Sonja Burris of the Rock Hill/York County Convention Visitors Bureau joined Palmetto Mornings to talk about a new tour for groups of all ages: The African American Tour.
The Rock Hill/York County CVB offers a three-day, two-night tour themed “From Chains to Change: An Evolution of African-American History”. The tour focuses on dance, stories of history and educating for change. The tour is available for groups visiting York County, but is also open to local residents and families to experience the history that’s here in York County, SC.
On this tour, visitors can stop by Winthrop University to experience today’s students preserving cultural and artistic traditions with roots both in Africa and in the Black experience in America. Performing groups such as the Association of Ebonites vocal group or the Department of Music’s West African Drum Ensemble mesmerize audiences with their passion and skill. Visitors may also take a tour of Clinton Junior College, a historically black private school.
Next stop on the tour, visitors will find a collection of more than 200 artfully mounted African animals along with an assortment of cultural artifacts at the Museum of York County.
After taking a trip through the galleries of the past, visitors can step back in time to a living history farm and Revolutionary war battle site, known as Historic Brattonsville, to experience a first person interpretation of what slave life was like in the 1700’s and 1800’s.
This tour will also take visitors to meet renowned author and farmer, Dori Sanders at her family peach stand. While selling peaches and autographing her books, Dori will tell stories of farm life and southern folklore.
A dinner treat and tour will bring visitors to the Old Town Bistro and former McCrory’s lunch counter where nine Friendship Junior College students staged a sit-in and gained national attention in 1961 for following an untried strategy called “jail, no bail”. The nine students are known nationwide as the Friendship Nine.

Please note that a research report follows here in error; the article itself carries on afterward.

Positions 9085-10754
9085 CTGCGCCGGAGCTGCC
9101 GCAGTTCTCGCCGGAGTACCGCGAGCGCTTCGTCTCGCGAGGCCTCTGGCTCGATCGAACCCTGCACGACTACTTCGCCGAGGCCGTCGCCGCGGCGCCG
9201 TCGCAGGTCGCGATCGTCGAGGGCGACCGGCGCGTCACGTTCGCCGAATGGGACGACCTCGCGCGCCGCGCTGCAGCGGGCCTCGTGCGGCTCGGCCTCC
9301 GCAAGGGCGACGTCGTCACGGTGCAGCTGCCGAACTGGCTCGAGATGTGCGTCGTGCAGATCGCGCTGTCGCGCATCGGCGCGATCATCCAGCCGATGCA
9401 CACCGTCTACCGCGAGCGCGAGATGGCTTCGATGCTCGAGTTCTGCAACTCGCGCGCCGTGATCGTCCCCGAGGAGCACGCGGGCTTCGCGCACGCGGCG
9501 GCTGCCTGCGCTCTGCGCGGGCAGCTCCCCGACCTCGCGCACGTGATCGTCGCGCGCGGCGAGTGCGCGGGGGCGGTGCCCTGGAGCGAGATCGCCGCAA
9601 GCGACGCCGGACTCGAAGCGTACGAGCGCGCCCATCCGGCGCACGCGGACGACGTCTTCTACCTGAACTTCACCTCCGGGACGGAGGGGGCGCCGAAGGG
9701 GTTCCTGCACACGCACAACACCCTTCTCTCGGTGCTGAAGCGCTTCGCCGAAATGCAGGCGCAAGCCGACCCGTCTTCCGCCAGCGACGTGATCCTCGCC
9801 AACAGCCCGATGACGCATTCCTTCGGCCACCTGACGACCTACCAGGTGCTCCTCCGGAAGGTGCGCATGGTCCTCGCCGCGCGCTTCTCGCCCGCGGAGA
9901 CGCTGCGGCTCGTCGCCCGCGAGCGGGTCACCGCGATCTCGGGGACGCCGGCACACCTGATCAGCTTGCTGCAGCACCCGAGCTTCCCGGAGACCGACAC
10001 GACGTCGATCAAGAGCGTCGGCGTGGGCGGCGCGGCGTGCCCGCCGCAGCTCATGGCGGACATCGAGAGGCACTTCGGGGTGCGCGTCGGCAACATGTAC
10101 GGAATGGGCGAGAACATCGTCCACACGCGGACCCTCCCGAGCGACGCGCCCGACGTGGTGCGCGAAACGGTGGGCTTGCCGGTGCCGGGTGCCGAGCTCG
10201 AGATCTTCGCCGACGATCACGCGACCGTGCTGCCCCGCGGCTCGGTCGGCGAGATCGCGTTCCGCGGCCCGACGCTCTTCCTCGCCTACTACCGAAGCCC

Visitors will also visit a Rosenwald School known as the Carroll School, built in 1929 primarily for the education of African Americans, and still being used by local students today.
Group tours can be customized to fit personal preferences and must be scheduled at least three weeks to one month in advance.
In addition to a regular day visit at many local attractions, during the month of February the African American characteristics that many York County historical sites represent are highlighted.
In honor of Black History month, the Culture & Heritage Museums will host programs at their brand of museums. Each Saturday at Historic Brattonsville visitors will take a guided tour to experience By Way of the Back Door: Enslaved at Brattonsville. On February 25, the Museum of York County will host African Connections, its annual tribute to Black History month. The event will include music performances, hands-on activities, crafts, planetarium programs and more.
During the month of February and throughout the year, the Rock Hill/York County Convention & Visitors Bureau encourages visitors and residents to take off your shoes and sit a spell at one of York County’s many attractions that tell a story rich with African American history and culture.
For more information on the African American tour, call the Rock Hill/York County Convention & Visitors Bureau at 803-329-5200 or toll free at 888-702-1320.